Whitman discussion

U.S. and Mexico (NASA, International Space Sta...

U.S. and Mexico (NASA, International Space Station, 11/16/11) (Photo credit: NASA's Marshall Space Flight Center)

History 17A – United States History (Spring 2007)

Whitman discussion

[ Students and professors, please read. ]

Discussion

Whitman:  Walt Whitman wrote that Mexico must be soundly punished. What did Mexico do to persuade Whitman to demand that Mexico be “crushed?”

To be exact, Whitman demanded that Mexico be “thoroughly chastised.”  The exact quote is:  “Yes, Mexico must be thoroughly chastised! Let our arms now be carried with a spirit which shall teach the world that, while we are not forward for a quarrel, American knows how to crush, as well as expand!” — (Brooklyn Daily Eagle fragment, 11 May 1846 – Whitman was the editor, as found by using Google.com.)  The text does not say why Whitman felt this way, but perhaps we can guess that he felt as many (but not all) other Americans did – that it was our “manifest destiny” to push west, and Mexicans had no right to stop us.

Trying to get to the bottom of this, the following is an excerpt from:  http://www.lone-star.net/mall/texasinfo/mexicow.htm

“As with all major events, historical interpretations concerning the causes of the Mexican War vary. Simply stated, a dictatorial Centralist government in Mexico began the war because of the U.S. annexation (1845) of Texas, which Mexico continued to claim despite the establishment of the independent republic of Texas 10 years before. Some historians have argued, however, that the United States provoked the war by annexing Texas and, more deliberately, by stationing an army at the mouth of the Rio Grande. Another, related, interpretation maintains that the administration of U.S. President James K. Polk forced Mexico to war in order to seize California and the Southwest. A minority believes the war arose simply out of Mexico’s failure to pay claims for losses sustained by U.S. citizens during the Mexican War of Independence.

. . .

“By the time Slidell arrived in Mexico in December 1845, the Herrera government was under intense fire from the Centralists for its moderate foreign policies. The Centralist strategy was to appeal to Mexican national pride as a means of ousting Herrera. During August 1845 their leader, Mariano Parades y Arrillaga, began to demand an attack on the United States. When Slidell arrived, Herrera, in an effort to save his government, refused to meet with him. A few days later (December 14), Parades issued a revolutionary manifesto; he entered Mexico City at the head of an army on Jan. 2, 1846. Herrera fled, and Parades, who assumed the presidency on January 4, ordered Slidell out of Mexico.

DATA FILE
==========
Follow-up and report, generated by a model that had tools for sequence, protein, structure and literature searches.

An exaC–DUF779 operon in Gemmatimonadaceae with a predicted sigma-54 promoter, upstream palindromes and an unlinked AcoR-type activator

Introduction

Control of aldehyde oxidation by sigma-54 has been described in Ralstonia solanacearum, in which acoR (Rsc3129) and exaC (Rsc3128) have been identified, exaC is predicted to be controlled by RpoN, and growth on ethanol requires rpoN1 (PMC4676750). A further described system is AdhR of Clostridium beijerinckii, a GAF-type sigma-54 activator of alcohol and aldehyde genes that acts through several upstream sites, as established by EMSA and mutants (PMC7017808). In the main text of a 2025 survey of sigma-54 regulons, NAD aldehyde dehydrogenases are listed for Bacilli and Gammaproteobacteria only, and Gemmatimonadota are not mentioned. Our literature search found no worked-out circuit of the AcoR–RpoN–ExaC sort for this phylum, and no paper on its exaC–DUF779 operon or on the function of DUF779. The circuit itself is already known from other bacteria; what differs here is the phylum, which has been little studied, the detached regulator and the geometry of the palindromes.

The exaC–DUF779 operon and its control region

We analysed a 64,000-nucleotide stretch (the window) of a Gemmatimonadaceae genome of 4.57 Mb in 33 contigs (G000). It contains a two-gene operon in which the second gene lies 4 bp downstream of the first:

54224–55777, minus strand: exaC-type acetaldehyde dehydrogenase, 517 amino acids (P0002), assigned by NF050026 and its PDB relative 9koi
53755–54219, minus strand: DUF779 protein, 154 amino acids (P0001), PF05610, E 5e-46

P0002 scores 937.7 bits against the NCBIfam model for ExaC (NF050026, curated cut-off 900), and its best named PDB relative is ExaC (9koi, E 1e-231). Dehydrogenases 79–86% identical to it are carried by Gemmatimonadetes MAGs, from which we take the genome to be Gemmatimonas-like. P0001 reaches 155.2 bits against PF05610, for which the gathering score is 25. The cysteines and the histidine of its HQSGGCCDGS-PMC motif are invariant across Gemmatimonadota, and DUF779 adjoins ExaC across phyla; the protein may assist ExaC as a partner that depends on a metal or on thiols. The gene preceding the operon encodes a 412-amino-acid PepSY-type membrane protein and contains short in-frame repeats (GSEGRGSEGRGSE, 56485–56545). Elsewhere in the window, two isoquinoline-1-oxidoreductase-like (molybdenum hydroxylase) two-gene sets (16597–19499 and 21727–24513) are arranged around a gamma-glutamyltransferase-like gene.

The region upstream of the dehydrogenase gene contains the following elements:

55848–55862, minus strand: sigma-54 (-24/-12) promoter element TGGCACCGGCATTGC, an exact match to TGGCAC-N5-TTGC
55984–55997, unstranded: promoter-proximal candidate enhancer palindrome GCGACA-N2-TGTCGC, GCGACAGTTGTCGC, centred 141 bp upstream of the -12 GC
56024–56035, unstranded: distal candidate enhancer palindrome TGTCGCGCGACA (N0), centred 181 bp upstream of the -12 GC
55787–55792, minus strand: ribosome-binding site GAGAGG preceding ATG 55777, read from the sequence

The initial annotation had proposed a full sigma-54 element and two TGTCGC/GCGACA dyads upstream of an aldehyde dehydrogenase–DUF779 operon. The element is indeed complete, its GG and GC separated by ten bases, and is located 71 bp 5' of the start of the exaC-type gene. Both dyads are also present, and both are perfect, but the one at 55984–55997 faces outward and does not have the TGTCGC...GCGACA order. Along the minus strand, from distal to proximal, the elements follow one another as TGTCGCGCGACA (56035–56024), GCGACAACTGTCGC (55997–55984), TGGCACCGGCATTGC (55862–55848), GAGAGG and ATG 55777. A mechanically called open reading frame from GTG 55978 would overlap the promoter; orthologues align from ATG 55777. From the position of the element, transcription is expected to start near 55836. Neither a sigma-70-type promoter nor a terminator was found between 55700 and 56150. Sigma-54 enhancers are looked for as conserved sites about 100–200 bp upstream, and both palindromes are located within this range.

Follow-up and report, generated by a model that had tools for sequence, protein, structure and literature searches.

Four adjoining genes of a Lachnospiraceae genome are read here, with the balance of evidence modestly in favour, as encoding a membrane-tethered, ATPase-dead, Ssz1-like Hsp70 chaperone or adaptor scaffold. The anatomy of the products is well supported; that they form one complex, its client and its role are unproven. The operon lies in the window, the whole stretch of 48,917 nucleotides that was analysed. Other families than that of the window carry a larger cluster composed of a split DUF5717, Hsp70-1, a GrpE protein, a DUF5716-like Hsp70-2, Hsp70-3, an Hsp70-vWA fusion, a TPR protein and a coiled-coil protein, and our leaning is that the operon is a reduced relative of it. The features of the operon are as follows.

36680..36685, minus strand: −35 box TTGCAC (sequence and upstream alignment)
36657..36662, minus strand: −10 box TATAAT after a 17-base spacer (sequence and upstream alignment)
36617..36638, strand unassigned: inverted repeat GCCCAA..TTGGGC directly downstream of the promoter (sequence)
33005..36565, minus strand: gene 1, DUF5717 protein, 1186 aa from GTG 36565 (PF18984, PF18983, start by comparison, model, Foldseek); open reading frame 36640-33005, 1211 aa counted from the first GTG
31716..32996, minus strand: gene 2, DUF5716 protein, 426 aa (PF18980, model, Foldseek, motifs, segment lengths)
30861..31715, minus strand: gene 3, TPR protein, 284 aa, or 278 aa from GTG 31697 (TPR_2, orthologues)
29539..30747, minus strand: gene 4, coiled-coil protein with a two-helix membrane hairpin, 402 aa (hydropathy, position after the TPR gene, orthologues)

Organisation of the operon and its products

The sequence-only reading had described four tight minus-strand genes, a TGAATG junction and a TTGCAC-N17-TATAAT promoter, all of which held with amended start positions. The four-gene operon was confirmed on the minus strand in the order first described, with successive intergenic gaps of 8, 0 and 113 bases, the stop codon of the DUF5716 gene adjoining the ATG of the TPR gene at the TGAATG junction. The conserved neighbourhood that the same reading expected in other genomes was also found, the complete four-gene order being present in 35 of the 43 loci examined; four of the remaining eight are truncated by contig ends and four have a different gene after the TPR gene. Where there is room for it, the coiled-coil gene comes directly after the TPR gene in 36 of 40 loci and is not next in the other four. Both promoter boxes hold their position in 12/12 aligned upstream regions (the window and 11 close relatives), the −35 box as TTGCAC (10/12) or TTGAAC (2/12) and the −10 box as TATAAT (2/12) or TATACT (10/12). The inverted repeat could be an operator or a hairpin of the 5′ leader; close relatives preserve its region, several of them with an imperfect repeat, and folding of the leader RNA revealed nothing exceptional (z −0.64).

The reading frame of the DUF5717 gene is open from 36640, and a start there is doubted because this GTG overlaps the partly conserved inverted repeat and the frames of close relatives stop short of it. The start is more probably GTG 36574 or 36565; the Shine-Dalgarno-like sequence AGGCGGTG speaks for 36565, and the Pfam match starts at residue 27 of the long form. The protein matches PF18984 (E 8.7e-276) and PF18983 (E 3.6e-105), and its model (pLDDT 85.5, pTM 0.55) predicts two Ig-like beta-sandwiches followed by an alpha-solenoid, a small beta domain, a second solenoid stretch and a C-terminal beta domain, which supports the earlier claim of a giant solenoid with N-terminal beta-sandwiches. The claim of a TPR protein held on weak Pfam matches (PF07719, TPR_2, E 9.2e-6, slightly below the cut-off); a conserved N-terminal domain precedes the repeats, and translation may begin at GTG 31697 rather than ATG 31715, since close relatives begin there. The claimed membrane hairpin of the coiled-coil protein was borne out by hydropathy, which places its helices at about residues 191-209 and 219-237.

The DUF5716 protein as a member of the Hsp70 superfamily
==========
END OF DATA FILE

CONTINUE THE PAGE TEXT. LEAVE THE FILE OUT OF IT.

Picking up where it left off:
“After the failure of the Slidell mission, Polk ordered Zachary Taylor to move his army to the mouth of the Rio Grande and to prepare to defend Texas from invasion. Taylor did so, arriving at the Rio Grande on Mar. 28, 1846. Abolitionists in the United States, who had opposed the annexation of Texas as a slave state, claimed that the move to the Rio Grande was a hostile and aggressive act by Polk to provoke a war with Mexico to add new slave territory to the United States.

“Whatever Polk’s precise intentions were, for the Centralists in Mexico the annexation of Texas had been sufficient cause for war; they saw no disputed boundary–Mexico owned all of Texas. Before Taylor had moved to the Rio Grande, Parades had begun mobilizing troops and had reiterated his intention of attacking. On April 4 the new dictator of Mexico ordered the attack on Taylor. When his commander at Matamoros delayed, Parades replaced him, issued a declaration of war (April 23), and reordered the attack.

“NORTHERN MEXICAN CAMPAIGN

On Apr. 25, 1846, Mexican troops crossed the Rio Grande and ambushed a detachment of American dragoons commanded by Capt. Seth B. Thornton. Taylor’s report of this ambush reached President Polk on the evening of May 9, a Saturday. On Monday, May 11, Polk presented his war message to Congress, and on Wednesday, May 13, over the vigorous opposition of the abolitionists, the U.S. Congress voted to declare war on Mexico. In the meantime two more Mexican attacks had been made across the Rio Grande at Palo Alto (May 8) and Resaca de la Palma (May 9), and both had been repulsed.”

The way Zinn wrote his chapter, he makes it sound like Whitman wrote that Mexico must be chastised after Congress acted on May 13 – but it is of interest that his quote occurred on May 11 (this is found by using Google.com).  It would be nice to have the quote in context.

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